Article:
Nine months ago, Ray Furr could predict who was going to come through the door at Superior Gun & Pawn in Hampton.
It likely was someone looking for a rifle or shotgun. Many of his customers were buying the guns they always wanted, worried laws may change after the 2016 presidential election.
Now, he said he is seeing new faces. The majority of his customers are first-time buyers, women and millennials — people who, according to polls, didn't vote for President Donald Trump.
Fewer people are buying guns. Ten percent fewer background checks have been conducted between January and June 2017 than in the same time frame last year, data from the FBI shows. In Virginia, federal background checks jumped about 20 percent between November 2015 and November 2016.
Experts point to politics. Gun owners, worried their rights would be taken away with a Democrat in office, scrambled to buy guns before the 2016 presidential election.
"People who didn't have one got scared and bought guns, and the ones who already had one bought what they wanted," said Gary Dohey, owner of Hilton Sport & Hobby Shop in Newport News.
But with Republican control of the White House and Congress, potential buyers aren't as worried gun sales will be regulated.
It's a trend so easily predicted, anyone familiar with the gun industry hardly flinches when sales go up or down.
"Everyone knows it," Dohey said by phone. "It's hardly worth writing about."
Gun distributors aren't required to report or regulate sales, but data kept by the FBI on federal background checks is a good indicator of trends, said Lori Haas, Virginia State Director for the Coalition to Stop Gun Violence.
Experts warn it's not a complete picture — someone may complete a background check and not buy a gun. Or, someone may complete a single check to buy six guns.
Private sales don't require a background check in Virginia.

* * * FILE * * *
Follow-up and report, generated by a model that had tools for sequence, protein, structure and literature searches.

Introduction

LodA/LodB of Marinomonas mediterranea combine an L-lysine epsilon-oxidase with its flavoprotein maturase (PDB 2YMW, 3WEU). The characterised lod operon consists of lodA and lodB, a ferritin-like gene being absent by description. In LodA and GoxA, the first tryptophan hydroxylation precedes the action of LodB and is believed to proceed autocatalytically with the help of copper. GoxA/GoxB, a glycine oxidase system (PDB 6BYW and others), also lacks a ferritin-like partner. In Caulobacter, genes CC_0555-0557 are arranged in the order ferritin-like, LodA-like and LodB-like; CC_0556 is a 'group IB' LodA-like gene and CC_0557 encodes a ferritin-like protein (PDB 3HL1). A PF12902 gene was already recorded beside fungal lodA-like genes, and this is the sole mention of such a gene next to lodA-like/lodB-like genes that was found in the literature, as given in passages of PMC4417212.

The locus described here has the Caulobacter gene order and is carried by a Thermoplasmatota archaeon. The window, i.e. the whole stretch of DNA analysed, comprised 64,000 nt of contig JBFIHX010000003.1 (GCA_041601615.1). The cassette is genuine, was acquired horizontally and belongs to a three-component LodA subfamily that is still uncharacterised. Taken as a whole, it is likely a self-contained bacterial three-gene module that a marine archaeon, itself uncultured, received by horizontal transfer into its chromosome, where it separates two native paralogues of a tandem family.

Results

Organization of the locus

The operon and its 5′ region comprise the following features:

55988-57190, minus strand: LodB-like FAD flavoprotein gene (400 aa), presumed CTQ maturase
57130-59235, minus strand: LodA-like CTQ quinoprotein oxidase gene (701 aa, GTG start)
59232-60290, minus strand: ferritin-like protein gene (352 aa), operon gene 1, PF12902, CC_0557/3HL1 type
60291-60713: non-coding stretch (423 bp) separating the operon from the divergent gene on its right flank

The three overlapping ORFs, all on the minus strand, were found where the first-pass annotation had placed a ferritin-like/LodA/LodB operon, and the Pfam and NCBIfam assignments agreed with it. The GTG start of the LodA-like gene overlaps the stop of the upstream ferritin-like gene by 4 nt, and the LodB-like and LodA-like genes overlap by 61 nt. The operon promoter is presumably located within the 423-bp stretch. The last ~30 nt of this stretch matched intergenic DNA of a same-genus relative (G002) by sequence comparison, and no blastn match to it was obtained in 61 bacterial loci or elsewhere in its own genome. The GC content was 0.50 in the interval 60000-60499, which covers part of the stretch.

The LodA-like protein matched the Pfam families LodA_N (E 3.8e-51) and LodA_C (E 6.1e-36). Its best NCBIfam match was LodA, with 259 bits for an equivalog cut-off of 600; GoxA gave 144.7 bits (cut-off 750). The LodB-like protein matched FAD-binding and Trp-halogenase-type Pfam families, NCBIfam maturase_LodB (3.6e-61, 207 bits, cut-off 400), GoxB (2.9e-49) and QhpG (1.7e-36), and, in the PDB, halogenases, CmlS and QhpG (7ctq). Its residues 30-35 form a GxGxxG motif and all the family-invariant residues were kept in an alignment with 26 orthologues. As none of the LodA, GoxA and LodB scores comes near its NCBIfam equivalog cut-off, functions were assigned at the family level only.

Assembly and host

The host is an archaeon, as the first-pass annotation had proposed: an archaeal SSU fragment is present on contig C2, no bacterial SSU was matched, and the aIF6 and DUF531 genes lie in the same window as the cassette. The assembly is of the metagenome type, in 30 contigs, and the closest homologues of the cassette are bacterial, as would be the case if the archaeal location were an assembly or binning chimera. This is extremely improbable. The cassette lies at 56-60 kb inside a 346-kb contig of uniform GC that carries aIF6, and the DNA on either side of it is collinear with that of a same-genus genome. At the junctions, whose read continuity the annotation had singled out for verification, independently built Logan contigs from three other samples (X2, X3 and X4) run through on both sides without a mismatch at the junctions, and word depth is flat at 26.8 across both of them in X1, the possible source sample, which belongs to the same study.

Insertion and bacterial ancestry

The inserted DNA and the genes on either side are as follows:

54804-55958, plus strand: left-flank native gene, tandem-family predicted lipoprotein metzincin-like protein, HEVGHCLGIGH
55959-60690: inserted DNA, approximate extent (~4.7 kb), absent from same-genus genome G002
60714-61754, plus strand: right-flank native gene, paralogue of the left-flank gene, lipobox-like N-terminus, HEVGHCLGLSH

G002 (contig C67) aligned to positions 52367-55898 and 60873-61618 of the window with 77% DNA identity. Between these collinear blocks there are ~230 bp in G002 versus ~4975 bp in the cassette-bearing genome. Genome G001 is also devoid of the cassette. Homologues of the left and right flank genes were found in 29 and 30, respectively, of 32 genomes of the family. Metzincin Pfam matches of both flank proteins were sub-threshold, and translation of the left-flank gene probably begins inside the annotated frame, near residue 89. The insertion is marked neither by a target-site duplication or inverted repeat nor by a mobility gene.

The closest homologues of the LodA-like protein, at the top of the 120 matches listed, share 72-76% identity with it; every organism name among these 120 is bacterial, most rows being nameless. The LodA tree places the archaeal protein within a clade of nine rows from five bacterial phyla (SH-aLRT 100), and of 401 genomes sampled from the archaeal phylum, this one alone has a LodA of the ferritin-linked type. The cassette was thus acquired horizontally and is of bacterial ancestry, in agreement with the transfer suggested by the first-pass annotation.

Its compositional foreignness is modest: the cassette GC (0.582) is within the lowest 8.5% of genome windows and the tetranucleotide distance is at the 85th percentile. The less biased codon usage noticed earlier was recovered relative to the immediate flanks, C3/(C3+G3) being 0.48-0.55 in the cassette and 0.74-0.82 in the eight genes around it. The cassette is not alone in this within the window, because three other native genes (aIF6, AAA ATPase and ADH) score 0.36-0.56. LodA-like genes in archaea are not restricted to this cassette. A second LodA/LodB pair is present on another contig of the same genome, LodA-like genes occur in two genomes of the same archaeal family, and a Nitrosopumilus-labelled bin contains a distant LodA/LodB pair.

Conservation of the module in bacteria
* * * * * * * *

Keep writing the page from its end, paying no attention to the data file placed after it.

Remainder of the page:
"We don't know how many guns were actually purchased," said Cassandra Crifasi, assistant professor at the Johns Hopkins Bloomberg School of Public Health.
Virginia State Police doesn't regularly track gun sales, but a database shows 526,660 guns were sold throughout Virginia in 2016. Only 1,709 more background checks were completed.
Gun sale data from 2008 and 2012 was not available as state police records don't go back that far.
On a recent afternoon at Superior Gun & Pawn in Hampton, there was a steady flow of customers. Rifles and shotguns sales are low, but handgun sales are steady, Furr said. The store sold 2,985 guns in 2016, according to state police.
Deryk Robinson, who came to Superior's gun range, said he didn't stock up on guns before the election.
"But that's the case with a lot of us," he said, referring to his friends in the Navy.
If he had enough money, he said he'd buy a gun with every paycheck.
"I always carry, just in case there's a threat," he said. "I need to protect myself and my daughter."
Furr's familiar with the ebb and flow of gun sales. Customers used to come in all the time, worried then-President Barack Obama would regulate gun sales any moment.
"(Obama) never intended to take your guns away," Furr said. "They can't take your rights away."
The same thing happened in 2013, on the heels of the Sandy Hook Elementary shooting, when a man in Connecticut fatally shot 28 people, including himself.
"We'll never see anything like that again," Furr said. "Gun sales just went ballistic."
He said he has noticed focus is shifting toward self-defense and empowerment.
"Women are tired of being victims of crime," he said. His store has lowered the cost of guns, so sales remain steady, he said. A handgun averages $300.
Sales remain low at Superior Gun & Pawn's Virginia Beach location, though. There are guns sitting on the shelves that have been there nine months, owner Jay Dunbar said.
"We're scratching our heads," he said.
It won't last long, experts say.
"Any time there's a fear of regulation, that's probably going to be the main driver, and if that fear is no longer there, you'll see the opposite effect," Crifasi said.
Nick Mazarakis, a Newport News-based hairdresser, said he bought his first gun before he moved alone into an apartment downtown in 2014. Last week, he stood at the counter at Superior Gun & Pawn in Hampton to buy his third gun.
"People put fear in you," he said.
Mishkin can be reached by phone at 757-641-6669.